That decision not only split the two halves of what was supposed to be the Muslim homeland of South Asia, it proved that the tie of religion which supposedly justified bringing together the two different wings into one country was not as binding as had been thought by its founders. Ethnicity, culture and language proved stronger than religion as a binding force. It showed once again that these deep-seated social ties are not really amenable to force in the long run; though they can be repressed in the short run, repression must ultimately turn to genocide to maintain the status quo.

The War of Separation, as terrible as it was in all those respects, gave Pakistan a new chance to succeed as a democracy. When defeat came and the new truncated Pakistan began its existence, the army’s image as the protector of Pakistan’s security had been seriously damaged. There was an opportunity for a new government to establish civilian supremacy, not only in law but in mindset. That this did not happen was the fault of that civilian government. It used the army for its political purposes in Balochistan (as we can see, old habits die hard), which helped refurbish its reputation. More importantly, it maintained the India-centricity of its national security outlook and, automatically, restored the image of the army as the guarantor of Pakistani security.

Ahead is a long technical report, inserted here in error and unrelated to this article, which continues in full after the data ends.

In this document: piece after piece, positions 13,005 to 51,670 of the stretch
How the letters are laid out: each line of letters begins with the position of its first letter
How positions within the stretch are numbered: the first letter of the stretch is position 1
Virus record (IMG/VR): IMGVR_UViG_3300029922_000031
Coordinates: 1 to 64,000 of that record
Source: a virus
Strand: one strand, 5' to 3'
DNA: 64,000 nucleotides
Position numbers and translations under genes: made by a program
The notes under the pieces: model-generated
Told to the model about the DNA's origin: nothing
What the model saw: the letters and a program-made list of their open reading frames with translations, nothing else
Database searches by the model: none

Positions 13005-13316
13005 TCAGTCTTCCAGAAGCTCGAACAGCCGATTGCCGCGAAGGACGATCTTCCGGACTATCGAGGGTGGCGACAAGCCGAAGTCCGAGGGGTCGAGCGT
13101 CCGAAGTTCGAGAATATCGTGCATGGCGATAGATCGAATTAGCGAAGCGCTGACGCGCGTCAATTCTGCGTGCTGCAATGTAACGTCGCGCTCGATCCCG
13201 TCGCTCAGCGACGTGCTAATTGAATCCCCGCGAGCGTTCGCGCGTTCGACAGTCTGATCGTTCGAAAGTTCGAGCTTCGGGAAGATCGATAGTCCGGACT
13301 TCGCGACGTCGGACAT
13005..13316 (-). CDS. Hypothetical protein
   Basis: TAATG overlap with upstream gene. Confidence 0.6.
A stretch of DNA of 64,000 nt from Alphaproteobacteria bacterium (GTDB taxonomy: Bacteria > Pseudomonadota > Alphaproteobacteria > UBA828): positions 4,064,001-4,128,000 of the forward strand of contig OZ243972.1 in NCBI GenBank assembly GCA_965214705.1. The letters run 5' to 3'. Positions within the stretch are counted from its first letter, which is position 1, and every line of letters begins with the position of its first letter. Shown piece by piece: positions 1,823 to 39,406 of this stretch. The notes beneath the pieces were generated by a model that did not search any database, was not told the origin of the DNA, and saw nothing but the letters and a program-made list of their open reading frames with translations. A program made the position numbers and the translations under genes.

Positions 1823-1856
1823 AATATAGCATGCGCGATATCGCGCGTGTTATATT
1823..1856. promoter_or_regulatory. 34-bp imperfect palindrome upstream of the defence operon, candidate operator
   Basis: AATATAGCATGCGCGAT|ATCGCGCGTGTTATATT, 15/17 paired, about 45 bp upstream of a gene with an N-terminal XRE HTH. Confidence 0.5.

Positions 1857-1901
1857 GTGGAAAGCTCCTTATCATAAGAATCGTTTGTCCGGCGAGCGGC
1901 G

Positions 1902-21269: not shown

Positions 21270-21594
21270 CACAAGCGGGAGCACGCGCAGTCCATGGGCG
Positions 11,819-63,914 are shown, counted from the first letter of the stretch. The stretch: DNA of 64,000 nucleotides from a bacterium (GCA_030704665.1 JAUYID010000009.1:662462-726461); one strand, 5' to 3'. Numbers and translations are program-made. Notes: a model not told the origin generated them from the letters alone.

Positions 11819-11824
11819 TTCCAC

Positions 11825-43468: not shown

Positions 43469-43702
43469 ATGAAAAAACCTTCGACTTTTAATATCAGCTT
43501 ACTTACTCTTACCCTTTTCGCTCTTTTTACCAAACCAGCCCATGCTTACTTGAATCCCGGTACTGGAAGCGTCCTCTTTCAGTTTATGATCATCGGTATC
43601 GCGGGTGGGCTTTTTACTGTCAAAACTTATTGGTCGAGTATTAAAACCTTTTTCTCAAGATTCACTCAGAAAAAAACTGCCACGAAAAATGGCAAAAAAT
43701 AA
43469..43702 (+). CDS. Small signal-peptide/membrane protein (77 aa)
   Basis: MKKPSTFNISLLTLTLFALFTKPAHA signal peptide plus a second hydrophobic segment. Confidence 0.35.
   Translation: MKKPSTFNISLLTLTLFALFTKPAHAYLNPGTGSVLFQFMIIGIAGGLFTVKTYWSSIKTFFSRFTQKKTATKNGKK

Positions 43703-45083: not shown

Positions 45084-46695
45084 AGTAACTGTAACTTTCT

The Bangladesh army inherited that concept from United Pakistan but tried to walk away from it in 1990 by refusing to become involved in the struggle between ex-General (President) Ershad and the major political parties. The army had adjusted its mindset to the late 20th century, but the political parties couldn’t adjust theirs and continued to practise the zero-sum-game, vindictive, win-at-all-costs politics of the 1980s. They pushed these beyond tolerable limits in late 2006, creating a serious threat of bloody civil strife. The army chose to intervene on January 11 with a light hand (though those now in jail for corruption may not think it so light) rather than wait until violence forced it into martial law.